DEVELOPMENT: issue with DateTime datatype in SQL Server Reporting Services
We recently upgraded a client’s SQL Server 2000 business intelligence reports to SQL Server 2005, and from a Visual Studio .net 1.1 software development environment to Visual Studio 2005.
It should be a simple transition we thought, which it was… apart from some anomalies around the datetime parameters in SQL Server 2005 Reporting Services.
There were a couple of things we noticed going wrong. Firstly, defaulting a value to 2/11/2008 (dd/MM/yyyy) for example would come through on the report as 11/2/2008. Secondly, when changing the date from 11/2/2008 using the datepicker to 12/2/2008 would display 2/12/2008 in the textbox. Basically, the dd/MM/yyyy was getting transposed to MM/dd/yyyy and back again.
Also there were “the value provided for the report parameter [parameter name] is not valid for its type” selecting the dates and running the report when dates like 13/2/2008 or 2/13/2008 were selected.
Searching the internet we found a number of reports of similar issues with several different fixes being required. Unfortunately no blog or knowledgebase article seemed to have all the information in one place, so we have centralized the details of fixes here.
We hope that you find it useful.
Report Server changes
1) First, ensure that all up to date SQL Server Service Packs are installed – there are reports that the problem for server-side issues were fixed in Services Pack 1 but the reintroduced in Service Pack 2. At time of writing the issue is understood to be fixed with patch releases to date.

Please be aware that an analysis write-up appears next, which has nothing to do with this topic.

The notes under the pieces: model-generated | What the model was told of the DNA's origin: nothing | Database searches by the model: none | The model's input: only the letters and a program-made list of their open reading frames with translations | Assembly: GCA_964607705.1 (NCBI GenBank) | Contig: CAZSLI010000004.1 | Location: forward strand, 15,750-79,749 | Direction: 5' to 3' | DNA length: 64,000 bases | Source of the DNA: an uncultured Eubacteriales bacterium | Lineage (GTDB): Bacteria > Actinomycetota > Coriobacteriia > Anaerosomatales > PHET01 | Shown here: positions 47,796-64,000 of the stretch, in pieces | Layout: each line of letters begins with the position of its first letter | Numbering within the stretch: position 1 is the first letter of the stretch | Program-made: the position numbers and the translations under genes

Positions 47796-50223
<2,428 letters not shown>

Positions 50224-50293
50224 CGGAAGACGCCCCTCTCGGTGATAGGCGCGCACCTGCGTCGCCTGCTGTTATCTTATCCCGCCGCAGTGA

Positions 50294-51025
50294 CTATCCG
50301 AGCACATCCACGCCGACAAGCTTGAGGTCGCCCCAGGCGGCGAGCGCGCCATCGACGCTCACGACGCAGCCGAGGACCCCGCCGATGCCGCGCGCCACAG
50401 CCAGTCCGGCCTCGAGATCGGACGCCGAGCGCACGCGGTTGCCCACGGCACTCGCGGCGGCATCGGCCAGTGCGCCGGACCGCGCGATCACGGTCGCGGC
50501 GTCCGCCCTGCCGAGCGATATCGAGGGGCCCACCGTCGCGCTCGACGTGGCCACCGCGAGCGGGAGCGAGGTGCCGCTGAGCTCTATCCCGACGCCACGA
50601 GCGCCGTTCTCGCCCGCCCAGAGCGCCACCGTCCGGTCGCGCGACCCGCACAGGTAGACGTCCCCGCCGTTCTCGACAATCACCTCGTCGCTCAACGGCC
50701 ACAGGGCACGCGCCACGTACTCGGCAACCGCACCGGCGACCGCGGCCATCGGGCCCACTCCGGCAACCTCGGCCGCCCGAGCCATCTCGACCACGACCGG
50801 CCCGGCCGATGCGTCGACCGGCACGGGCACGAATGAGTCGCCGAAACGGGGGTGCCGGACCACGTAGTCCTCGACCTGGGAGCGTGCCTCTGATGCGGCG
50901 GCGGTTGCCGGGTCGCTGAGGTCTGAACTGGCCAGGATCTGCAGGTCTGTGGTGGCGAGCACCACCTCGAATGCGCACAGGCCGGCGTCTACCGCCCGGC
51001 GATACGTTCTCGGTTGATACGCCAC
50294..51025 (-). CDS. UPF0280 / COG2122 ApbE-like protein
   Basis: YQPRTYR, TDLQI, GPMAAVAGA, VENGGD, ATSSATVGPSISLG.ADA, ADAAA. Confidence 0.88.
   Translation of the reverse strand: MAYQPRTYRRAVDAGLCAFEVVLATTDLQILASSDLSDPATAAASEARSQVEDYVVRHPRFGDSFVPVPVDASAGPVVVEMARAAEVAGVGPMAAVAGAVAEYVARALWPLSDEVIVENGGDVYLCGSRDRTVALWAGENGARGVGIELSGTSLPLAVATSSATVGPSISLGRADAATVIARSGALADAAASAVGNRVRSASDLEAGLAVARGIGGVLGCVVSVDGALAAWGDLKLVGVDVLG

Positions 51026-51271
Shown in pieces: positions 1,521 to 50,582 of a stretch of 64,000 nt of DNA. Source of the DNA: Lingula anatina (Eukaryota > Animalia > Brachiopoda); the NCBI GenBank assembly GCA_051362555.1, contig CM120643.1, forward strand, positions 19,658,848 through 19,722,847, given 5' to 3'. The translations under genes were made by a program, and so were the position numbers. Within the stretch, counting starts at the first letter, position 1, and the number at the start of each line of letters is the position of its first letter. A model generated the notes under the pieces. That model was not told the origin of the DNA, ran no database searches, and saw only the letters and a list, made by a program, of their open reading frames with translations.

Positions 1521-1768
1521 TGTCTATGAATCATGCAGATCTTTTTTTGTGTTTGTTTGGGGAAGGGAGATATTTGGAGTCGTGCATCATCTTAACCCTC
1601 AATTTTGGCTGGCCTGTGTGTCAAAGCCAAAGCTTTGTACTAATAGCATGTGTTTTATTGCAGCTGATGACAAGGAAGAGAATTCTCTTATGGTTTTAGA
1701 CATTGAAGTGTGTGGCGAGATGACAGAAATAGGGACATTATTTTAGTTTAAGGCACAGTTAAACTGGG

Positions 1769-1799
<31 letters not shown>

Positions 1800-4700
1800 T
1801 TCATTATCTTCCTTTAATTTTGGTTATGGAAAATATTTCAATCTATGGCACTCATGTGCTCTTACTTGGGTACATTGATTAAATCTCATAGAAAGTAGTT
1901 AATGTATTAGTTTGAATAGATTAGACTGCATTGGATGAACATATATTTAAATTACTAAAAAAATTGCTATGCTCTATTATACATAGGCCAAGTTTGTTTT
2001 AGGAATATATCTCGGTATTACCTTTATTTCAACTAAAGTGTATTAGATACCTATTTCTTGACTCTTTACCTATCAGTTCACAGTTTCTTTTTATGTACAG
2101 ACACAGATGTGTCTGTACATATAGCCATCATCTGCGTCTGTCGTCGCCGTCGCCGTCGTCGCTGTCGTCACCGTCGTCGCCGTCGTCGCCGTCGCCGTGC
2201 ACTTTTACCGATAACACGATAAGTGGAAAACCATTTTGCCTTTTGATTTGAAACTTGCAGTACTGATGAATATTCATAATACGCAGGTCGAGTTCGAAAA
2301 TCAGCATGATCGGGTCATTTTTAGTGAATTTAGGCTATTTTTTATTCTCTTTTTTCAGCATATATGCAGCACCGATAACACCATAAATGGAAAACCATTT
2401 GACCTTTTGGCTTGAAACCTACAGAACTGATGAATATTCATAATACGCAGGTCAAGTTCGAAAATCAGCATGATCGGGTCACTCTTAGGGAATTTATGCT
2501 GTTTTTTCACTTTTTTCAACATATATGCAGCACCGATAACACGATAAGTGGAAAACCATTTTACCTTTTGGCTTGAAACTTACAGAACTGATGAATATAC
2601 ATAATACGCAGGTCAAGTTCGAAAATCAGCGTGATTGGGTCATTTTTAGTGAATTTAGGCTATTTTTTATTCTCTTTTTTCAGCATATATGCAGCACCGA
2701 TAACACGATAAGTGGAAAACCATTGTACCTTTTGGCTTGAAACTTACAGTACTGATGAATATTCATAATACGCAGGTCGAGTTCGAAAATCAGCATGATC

SQL Server Service Packs and Hot Fixes can be found by using Windows Update or the Microsoft Download Centre: http://download.microsoft.com/
2) Next, we need to change (or add) the Culture value in Report.aspx to:
<%@ Page language=”c#” Codebehind=”Report.aspx.cs” AutoEventWireup=”false” Inherits=”Microsoft.ReportingServices.UI.ReportWrapperPage” EnableEventValidation=”false” Culture=”en-GB”%>
<%@ Page language=”c#” Codebehind=”Report.aspx.cs” AutoEventWireup=”false” Inherits=”Microsoft.ReportingServices.UI.ReportWrapperPage” EnableEventValidation=”false” Culture=”en-GB” %>%@ Page language=”c#” Codebehind=”Report.aspx.cs” AutoEventWireup=”false” Inherits=”Microsoft.ReportingServices.UI.ReportWrapperPage” EnableEventValidation=”false” Culture=”en-GB” %
Report.aspx can be found in C:Program FilesMicrosoft SQL ServerMSSQL.?Reporting ServicesReportManagerPages
3) Finally, change the culture in the IIS to “en-GB”: Control Panel Administrative Tools Internet Information Services (IIS) Manager Properties ASP.NET tab Edit Configuration button Application tab Globalisation Settings section Culture
Report Definition changes
The blog entry we found on this said to ensure that the language for the report itself is set to your country (Layout view, Report Properties). We couldn’t find this place in the UI to change this, so instead did a Find and Replace on “en-US” for “en-GB”.
Changing the Language and redeploying the reports should now fix the problem for the user. If however the users still get problems, then ask them to check the Language Settings of their browser are “English (United Kingdom) [en-gb]”
Development machine changes
Ok – so you have fixed the problem for your users, but Visual Studio still doesn’t behave quite right. We need to change the Regional Settings slightly.
First close visual studio, then change the Regional Settings on your development machine. Customize the short date format to “yyyy-MM-dd” (Control Panel Regional and Language Options Regional Options Customize button Date) This fixes the report Preview from Visual Studio.
Note that this may cause problems with other applications. If anyone has a better fix for this particular issue, please email email@example.com and we will update this post.